A Temora man has been found not guilty of dangerous driving occasioning death after he fell asleep at the wheel and smashed into a tree, resulting in the death of his elderly passenger.
Jeffrey John Cornford was driving from Temora to Orange on September 12, 2016 when he dozed off on the Olympic Highway just before reaching Koorawatha and left the road, killing 82-year-old Kerry Scott.
The chairman of an accommodation facility for the elderly, Mr Cornford and his wife were driving Mr Scott to a nursing home in Orange.
As he approached a bench on the Olympic Highway, he fell asleep, failed to turn, left the road, and ran into a peppercorn tree.
Mr Scott, who was in the passenger seat, died as a result of his injuries.
Mr Cornford pleaded not guilty to the single charge, and contested the case this week in Wagga District Court.
During his the trial, it became clear Mr Cornford was suffering from undiagnosed sleep apnoea at the time of the accident.
Crown prosecutor Max Pincott argued that condition was not important; what mattered most was that Mr Cornford ignored his signs of drowsiness before falling asleep.
“He said he began to feel drowsy, tried, and, in my submission, most importantly, he attempted to keep himself awake by rubbing his eyelids,” Mr Pincott said.
“He told police at the scene ‘I wet my finger and rubbed my eyelids with a little bit of spit, which brightens your eyes, because I knew once I felt tired there was a stop in front of the Koorawatha Hotel’.
”What you have there was an awareness by the accused that he needed to stop, he couldn’t drive anymore, and his wife would have to take over the driving.”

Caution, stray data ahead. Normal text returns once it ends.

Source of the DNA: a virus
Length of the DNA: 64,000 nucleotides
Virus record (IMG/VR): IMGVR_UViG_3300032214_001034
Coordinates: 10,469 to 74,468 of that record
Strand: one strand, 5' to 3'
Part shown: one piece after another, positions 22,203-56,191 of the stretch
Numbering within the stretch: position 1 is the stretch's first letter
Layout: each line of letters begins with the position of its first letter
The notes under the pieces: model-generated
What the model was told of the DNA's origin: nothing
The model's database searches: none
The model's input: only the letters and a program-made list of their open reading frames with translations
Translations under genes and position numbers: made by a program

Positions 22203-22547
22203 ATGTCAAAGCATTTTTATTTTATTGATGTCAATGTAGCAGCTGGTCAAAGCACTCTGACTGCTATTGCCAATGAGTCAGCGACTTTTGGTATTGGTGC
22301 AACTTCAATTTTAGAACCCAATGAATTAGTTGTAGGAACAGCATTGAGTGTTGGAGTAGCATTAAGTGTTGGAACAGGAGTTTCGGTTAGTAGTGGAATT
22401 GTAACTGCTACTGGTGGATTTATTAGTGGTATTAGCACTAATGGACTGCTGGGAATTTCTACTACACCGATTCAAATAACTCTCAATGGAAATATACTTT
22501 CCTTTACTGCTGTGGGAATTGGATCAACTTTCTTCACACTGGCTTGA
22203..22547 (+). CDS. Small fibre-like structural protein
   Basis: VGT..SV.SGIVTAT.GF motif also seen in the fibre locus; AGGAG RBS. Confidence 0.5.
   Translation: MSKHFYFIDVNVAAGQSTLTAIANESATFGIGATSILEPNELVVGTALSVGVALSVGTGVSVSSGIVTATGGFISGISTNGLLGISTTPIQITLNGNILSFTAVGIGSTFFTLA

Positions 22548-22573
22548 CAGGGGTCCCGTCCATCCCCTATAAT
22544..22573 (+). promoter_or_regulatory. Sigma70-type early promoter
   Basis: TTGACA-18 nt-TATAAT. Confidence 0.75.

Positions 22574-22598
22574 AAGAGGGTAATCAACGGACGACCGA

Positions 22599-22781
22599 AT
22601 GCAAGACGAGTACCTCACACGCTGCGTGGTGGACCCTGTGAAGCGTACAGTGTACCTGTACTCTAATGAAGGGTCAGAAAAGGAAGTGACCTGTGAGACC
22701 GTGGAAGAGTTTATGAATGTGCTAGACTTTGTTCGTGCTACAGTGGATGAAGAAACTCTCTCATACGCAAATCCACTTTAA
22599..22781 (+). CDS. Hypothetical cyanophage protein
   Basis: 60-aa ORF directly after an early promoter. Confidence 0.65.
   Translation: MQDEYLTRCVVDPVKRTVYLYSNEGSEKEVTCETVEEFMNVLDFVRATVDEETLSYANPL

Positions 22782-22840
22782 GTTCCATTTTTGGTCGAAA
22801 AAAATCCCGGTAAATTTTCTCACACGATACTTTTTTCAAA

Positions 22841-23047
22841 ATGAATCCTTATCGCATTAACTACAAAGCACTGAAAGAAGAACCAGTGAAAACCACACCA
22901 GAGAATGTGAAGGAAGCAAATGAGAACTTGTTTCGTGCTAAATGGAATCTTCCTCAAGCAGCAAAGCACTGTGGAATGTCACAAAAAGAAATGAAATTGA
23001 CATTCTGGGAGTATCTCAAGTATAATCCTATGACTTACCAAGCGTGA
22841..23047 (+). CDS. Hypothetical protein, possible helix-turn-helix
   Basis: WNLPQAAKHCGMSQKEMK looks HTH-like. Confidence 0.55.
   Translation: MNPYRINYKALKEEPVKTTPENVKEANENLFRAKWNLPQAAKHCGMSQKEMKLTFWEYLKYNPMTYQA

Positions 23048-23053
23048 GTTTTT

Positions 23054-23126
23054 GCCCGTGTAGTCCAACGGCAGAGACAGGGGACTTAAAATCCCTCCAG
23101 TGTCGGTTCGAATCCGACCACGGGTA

Mr Pincott also noted Mr Cornford had been becoming drowsy and had taken a nap most days in the early afternoon, which lined up perfectly with the time of the accident.
However, defence barrister Sam Pararajasingham successfully argued that Mr Cornford did honestly believe it was safe for him to drive for another few minutes until he reached to Koorawatha Hotel, where he planned to swap with his wife.
“The accused was unaware of the diagnosis – that meant he was unaware that the time period between a person experiencing symptoms of tiredness and that person falling asleep is reduced when that person has sleep apnoea,” he said.
“It would be unreasonable to expect him to pull over instantly at the first sign of tiredness in the circumstances where he was unaware of the diagnosis.”
Judge Gordon Lerve ultimately agreed, handing down a verdict of not guilty on Friday afternoon.
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